With a quarter of acute hospital beds occupied by people with dementia, she said it is vital that hospital design promotes patient safety rather than put people at risk.
The former BBC News presenter was speaking at the launch of the world's first dementia-friendly Virtual Hospital at the Design Council in central London.
Faster growing group of hospital admissions
"Patients living with dementia are the fastest growing group of new admissions in our hospitals, but even some of the most modern are wholly unsuitable environments for people affected by this condition," she said.
"This new virtual resource demonstrates how acute design can be practically applied to meet the needs of this group of patients more effectively."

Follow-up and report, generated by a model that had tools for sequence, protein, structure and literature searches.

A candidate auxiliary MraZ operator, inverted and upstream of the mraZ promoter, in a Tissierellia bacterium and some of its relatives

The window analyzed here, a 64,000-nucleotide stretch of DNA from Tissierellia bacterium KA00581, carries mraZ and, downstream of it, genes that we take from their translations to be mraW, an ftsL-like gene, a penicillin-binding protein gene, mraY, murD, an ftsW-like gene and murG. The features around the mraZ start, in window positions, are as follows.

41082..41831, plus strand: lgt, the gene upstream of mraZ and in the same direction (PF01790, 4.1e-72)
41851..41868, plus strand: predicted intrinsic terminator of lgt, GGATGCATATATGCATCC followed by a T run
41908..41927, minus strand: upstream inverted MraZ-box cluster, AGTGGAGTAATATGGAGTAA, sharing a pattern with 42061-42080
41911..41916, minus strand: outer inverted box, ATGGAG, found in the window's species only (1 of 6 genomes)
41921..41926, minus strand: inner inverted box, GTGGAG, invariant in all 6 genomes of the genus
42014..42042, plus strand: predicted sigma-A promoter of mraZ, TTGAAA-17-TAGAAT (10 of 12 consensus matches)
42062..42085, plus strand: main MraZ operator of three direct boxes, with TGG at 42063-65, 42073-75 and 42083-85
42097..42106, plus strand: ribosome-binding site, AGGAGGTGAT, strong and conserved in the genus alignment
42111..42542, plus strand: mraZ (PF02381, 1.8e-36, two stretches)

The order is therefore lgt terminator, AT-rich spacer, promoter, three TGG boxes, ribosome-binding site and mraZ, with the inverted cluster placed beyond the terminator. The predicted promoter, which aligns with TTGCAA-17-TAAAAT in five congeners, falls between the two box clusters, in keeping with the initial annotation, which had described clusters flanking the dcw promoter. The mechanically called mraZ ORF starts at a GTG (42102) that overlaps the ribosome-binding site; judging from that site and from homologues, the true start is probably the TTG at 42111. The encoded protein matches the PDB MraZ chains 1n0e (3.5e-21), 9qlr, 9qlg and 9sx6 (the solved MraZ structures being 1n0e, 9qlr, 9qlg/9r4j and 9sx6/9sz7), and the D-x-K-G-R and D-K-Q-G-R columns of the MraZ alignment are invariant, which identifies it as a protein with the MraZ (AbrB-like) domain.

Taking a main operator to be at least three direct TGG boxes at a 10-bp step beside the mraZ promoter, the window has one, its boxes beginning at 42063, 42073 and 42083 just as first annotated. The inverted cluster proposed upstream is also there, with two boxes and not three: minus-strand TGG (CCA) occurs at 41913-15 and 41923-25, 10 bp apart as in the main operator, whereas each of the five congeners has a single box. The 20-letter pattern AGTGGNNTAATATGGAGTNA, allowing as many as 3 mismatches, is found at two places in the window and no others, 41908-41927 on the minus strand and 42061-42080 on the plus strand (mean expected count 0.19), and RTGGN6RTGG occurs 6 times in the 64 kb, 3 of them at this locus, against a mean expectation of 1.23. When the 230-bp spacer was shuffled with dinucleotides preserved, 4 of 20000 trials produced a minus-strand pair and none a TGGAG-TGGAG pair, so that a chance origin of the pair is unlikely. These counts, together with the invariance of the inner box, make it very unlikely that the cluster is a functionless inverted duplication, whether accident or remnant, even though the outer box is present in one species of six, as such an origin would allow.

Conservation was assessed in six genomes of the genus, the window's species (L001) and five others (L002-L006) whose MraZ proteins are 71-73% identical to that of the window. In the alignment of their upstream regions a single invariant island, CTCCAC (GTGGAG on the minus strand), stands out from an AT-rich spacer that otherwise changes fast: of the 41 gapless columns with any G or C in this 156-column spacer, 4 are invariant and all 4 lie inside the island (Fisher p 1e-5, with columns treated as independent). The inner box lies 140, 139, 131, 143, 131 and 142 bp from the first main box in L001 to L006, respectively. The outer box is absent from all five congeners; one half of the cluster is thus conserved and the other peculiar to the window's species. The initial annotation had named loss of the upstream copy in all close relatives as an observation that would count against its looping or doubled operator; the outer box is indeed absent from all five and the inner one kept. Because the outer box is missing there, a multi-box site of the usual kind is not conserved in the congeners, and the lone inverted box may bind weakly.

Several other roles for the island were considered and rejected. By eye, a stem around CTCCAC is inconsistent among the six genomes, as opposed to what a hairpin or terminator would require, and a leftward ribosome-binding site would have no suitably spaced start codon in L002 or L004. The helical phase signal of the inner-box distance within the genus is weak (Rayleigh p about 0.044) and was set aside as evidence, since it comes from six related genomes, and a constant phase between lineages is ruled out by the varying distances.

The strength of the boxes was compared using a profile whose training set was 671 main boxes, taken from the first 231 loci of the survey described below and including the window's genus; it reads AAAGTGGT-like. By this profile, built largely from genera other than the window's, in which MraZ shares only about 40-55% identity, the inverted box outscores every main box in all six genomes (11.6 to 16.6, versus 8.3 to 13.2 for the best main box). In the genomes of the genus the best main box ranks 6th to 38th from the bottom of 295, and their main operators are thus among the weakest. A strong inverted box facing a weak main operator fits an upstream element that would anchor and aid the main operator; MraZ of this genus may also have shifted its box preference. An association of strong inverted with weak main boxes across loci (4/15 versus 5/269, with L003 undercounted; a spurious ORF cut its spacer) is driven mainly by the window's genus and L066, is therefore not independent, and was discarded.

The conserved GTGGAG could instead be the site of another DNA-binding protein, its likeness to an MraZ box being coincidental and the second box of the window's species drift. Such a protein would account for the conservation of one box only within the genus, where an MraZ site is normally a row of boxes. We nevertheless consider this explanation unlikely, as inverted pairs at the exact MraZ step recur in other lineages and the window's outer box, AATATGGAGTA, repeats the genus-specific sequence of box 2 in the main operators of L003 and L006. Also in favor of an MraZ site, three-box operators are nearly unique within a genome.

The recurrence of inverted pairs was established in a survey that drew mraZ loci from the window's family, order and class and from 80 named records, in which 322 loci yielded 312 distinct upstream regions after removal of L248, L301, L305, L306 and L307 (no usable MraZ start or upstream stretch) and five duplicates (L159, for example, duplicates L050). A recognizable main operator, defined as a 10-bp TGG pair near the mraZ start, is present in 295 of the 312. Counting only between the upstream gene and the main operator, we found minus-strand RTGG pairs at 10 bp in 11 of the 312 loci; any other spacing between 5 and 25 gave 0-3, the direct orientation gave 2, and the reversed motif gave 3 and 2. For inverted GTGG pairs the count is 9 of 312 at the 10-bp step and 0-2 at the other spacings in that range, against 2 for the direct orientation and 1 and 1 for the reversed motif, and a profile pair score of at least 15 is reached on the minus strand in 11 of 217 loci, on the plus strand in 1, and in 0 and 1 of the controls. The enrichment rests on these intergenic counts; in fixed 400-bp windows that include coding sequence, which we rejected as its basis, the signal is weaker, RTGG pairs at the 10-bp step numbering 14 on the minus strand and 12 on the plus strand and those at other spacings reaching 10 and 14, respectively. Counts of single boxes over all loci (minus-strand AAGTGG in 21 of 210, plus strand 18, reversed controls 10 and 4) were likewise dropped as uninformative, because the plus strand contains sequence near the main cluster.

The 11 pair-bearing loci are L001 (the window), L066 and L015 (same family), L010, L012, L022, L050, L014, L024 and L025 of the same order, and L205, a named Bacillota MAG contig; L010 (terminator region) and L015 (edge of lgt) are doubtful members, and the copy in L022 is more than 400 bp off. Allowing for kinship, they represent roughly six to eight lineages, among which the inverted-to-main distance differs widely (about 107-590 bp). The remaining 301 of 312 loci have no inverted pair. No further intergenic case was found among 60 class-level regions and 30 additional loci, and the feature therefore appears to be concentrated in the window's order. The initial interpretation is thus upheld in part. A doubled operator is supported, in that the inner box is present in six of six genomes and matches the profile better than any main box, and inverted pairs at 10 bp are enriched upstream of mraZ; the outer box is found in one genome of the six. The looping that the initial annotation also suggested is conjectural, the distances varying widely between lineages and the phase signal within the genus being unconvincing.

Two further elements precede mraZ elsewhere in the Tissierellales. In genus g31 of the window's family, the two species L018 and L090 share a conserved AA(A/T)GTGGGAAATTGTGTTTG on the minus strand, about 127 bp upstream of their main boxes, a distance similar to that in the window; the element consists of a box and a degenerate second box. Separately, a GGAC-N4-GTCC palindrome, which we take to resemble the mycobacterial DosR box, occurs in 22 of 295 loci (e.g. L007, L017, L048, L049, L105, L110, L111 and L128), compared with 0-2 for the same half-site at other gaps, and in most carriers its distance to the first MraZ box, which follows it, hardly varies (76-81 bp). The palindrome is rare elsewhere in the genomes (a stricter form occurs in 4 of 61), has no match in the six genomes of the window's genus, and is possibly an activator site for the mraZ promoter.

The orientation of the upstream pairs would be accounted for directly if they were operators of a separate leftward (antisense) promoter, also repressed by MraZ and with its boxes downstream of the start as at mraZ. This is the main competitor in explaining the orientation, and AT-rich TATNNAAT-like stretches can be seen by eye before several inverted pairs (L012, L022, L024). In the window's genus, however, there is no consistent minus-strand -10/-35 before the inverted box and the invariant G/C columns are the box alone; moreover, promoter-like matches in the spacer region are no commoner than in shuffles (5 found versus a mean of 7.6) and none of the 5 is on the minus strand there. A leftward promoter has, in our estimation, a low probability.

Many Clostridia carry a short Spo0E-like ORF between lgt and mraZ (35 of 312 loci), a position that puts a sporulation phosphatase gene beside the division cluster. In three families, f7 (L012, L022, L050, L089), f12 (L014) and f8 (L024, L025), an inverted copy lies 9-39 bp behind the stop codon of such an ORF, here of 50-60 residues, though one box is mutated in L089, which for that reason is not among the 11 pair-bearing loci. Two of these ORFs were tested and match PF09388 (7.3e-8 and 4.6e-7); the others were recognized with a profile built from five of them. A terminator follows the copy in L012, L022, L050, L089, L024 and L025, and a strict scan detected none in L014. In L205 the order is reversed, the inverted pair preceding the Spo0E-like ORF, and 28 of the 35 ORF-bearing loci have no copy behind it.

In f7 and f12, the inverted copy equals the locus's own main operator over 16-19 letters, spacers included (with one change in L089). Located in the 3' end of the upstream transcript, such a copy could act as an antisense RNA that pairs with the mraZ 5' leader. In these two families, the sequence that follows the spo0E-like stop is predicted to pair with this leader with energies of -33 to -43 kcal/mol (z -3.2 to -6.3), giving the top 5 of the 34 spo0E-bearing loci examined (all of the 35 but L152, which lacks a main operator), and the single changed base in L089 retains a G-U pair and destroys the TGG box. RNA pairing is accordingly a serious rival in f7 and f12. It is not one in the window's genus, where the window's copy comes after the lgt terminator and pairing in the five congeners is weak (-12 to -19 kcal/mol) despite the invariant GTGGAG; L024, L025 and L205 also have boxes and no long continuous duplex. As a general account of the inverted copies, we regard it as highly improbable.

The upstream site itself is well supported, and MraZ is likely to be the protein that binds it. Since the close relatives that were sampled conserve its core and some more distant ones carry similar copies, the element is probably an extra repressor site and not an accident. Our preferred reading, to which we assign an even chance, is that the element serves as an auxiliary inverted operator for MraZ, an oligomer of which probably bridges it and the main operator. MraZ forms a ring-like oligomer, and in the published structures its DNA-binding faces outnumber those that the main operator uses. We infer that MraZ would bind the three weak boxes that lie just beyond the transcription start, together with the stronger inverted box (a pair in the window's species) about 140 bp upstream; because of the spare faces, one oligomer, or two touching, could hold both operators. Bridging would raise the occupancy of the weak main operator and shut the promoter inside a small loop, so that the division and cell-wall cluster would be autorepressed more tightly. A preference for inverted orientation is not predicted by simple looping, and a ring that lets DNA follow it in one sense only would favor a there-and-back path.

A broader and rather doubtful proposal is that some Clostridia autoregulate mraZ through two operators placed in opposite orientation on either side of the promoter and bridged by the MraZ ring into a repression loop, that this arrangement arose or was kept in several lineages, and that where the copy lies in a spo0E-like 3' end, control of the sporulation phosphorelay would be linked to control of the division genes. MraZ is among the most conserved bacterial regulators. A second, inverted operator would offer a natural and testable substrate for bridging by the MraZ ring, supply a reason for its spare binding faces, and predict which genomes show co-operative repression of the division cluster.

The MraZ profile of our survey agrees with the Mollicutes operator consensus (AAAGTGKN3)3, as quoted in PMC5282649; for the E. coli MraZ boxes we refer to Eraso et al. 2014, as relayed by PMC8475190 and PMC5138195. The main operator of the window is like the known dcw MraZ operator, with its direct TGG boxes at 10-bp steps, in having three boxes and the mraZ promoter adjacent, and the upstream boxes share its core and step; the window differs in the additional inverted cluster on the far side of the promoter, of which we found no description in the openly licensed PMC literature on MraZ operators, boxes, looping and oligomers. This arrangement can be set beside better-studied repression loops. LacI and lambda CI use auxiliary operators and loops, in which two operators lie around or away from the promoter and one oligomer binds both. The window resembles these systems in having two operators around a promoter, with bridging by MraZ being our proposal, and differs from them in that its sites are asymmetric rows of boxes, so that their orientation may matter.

The Virtual Hospital has been developed by the Dementia Services Development Centre (DSDC), which is part of the University of Stirling.
"We know that traditional acute hospitals are very dangerous places for people with dementia," added DSDC director, Professor June Andrews.
"But we also know from the evidence how to make them safer environments, and we have developed this resource to share our knowledge widely.
"As our populations age, dementia rates are set to soar around the world. Many older people experiencing cognitive decline will still need to access acute care, and they deserve to have their needs met safely."